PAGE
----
Egypt has the most market potential among emerging providers of global IT services, according to a recent study by the London School of Economics Outsourcing Unit.
The report, "Beyond BRIC," was commissioned by the Information Technology Industry Development Agency of Egypt. But the authors, who compared data on costs, infrastructure, skills and other factors among 14 offshoring up-and-comers, say that Egypt has a good cultural connection with the West, strong language skills, good positioning as a partner with other offshore leaders like India, and convenience for European businesses.
The study compares Egypt to Romania, Bulgaria, Poland, Slovakia, Czech Republic, Belarus, Morocco, Tunisia, Costa Rica, Mexico, Venezuela, Vietnam, and the Philippines.
Mexico and Costa Rica made a strong showing in the Americas. Czech Republic received the highest marks for both quality of infrastructure (telecommunications, power, transportation, and real estate) and risk attractiveness. Poland ranked the highest in terms of a supportive environment for fostering and outsourcing, including government backing, compatibility with the prevailing business culture, quality of life, and accessibility. (For the top countries in six categories of global sourcing advantages, see the lists below.)
The report was based on the LSE Outsourcing Unit's database of 1,000 global sourcing IT studies from 1993 to 2009; a survey of 18 global sourcing analysts; and interviews with more than 50 client organizations, suppliers and analysts.
Report co-author Leslie Wilcocks was surprised by the sheer number of countries--more than 120--eager to develop their business and IT services industries as well as the dynamics of the global sourcing landscape. "Things change quickly--cost, skills availability, political environment," says Wilcocks, a professor at the London School of Economics and Political Science.
IT clients are willing to take on the additional risk that accompanies offshoring to an emerging market in their "constant search for lower costs, skills pools, secure location, and good service," Wilcocks says. Outsourcing buyers are eager to spread their outsourcing portfolio across several geographies to ensure continuity of service, Wilcocks adds, and the increased availability of global sourcing analysis and improving capabilities around the world make that possible.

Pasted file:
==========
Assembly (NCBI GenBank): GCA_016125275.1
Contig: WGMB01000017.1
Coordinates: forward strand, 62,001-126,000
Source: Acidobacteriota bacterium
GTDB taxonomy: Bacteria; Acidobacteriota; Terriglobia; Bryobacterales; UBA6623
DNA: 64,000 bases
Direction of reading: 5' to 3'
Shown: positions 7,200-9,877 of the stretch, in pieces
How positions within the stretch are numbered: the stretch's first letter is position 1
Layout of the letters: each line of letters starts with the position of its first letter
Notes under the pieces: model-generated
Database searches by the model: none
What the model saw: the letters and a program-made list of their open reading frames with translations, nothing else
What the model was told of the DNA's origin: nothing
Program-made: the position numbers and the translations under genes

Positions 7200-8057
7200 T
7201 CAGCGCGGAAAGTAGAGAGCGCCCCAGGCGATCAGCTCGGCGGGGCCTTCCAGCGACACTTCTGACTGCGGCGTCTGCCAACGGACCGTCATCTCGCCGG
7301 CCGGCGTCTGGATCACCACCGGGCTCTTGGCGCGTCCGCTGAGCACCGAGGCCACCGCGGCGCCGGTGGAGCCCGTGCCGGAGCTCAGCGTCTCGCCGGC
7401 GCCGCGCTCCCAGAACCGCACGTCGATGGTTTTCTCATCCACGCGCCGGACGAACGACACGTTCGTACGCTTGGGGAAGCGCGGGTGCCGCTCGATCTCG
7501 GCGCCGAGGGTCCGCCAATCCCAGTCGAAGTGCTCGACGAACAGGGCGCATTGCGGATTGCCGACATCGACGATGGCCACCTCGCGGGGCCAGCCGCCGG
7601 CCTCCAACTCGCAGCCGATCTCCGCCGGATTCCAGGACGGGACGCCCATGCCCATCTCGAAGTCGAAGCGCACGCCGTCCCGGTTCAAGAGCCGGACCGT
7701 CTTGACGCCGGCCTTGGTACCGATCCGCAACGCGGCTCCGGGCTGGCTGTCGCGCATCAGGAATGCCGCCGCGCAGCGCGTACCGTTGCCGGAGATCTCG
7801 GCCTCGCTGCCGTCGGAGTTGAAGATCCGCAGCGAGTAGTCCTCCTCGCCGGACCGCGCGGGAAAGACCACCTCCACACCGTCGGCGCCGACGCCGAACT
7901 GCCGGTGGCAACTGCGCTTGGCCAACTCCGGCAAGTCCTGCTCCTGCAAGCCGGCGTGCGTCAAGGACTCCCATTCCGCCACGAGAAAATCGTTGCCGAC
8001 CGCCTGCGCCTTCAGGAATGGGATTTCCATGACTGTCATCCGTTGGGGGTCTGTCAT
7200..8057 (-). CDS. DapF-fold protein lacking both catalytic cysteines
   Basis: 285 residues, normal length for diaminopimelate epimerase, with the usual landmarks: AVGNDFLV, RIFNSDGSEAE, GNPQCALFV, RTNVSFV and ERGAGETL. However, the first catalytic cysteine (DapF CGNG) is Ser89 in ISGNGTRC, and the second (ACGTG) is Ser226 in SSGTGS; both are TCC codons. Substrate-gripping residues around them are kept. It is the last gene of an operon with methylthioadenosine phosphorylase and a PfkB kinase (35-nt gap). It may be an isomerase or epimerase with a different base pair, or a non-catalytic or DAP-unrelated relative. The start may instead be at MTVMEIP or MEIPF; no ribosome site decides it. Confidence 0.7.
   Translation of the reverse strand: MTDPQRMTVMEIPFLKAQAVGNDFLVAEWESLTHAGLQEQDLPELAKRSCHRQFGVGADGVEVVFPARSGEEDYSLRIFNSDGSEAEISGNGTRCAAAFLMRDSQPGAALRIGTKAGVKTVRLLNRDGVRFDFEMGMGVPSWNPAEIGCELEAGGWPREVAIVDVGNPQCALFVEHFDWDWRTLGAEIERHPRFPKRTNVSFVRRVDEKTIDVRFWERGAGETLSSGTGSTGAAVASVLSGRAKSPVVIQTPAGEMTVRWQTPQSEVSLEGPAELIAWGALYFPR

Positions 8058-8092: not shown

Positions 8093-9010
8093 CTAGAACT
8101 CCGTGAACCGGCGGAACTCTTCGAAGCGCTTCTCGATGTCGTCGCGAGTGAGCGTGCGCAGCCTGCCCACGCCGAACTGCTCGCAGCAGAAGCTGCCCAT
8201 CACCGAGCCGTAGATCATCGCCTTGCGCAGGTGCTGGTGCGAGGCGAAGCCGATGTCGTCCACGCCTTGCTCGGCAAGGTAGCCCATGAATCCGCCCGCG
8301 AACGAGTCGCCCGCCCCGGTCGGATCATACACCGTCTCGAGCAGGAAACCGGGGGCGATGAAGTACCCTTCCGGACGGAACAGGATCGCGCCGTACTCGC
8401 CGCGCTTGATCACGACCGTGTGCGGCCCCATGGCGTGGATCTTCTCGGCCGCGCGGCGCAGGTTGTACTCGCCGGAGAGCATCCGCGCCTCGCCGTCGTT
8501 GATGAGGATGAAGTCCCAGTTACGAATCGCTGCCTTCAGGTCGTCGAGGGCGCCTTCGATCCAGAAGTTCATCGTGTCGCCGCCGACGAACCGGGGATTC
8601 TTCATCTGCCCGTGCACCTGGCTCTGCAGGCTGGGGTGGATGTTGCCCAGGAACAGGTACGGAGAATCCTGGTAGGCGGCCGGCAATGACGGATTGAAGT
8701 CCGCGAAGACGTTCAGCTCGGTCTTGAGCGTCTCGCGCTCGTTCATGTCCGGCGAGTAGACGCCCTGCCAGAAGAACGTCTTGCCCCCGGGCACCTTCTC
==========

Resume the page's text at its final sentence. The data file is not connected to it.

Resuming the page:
But there's little chance that India will lose its status as the global IT services powerhouse any time in the foreseeable future. Outsourcing customers are seeking to supplement the services they purchase from India, not replace them.
"Some [countries], like Egypt, are looking to partner and work with Indian companies, and all are looking to be competitive in specific areas," says Wilcocks.
Few emerging markets can match India's scale. China could take India on, but the LSE research revealed that most organizations remain wary of China as a provider of IT and business process services due to language issues, cultural barriers, and intellectual property concerns. Although the Chinese government is actively seeking to address these issues, emerging markets--especially those in the Asia Pacific region--can compete with China by differentiating themselves in the areas where China is weakest, the study notes. "The successful ones may well find good niches," says Wilcocks. "And some, a scaled offering."
Availability of Skills
(labor pool with required skills and vendor landscape)
Cost Attractiveness (labor, infrastructure and taxes)
4. Mexico, Romania and Tunisia (tie)IT/BPO Environment
(government backing, compatibility with the prevailing business culture, quality of life and accessibility)
2. Philippines and Romania (tie)
3. Egypt and Mexico (tie)
Quality of Infrastructure (telecommunications, power, transportation and real estate)
1. Czech Republic
3. Costa Rica
5. Philippines and Slovakia (tie)Risk Attractiveness
(personal security, disruptive events, regulatory risks, macroeconomic risks and intellectual property protection)
1. Czech Republic
2. Poland and Slovakia
3. Costa Rica
4. MexicoMarket Potential
(a country's future attractiveness as an offshore location for IT and business services)
This story was edited by Shawna McAlearney. Follow me on Twitter @ms_shawna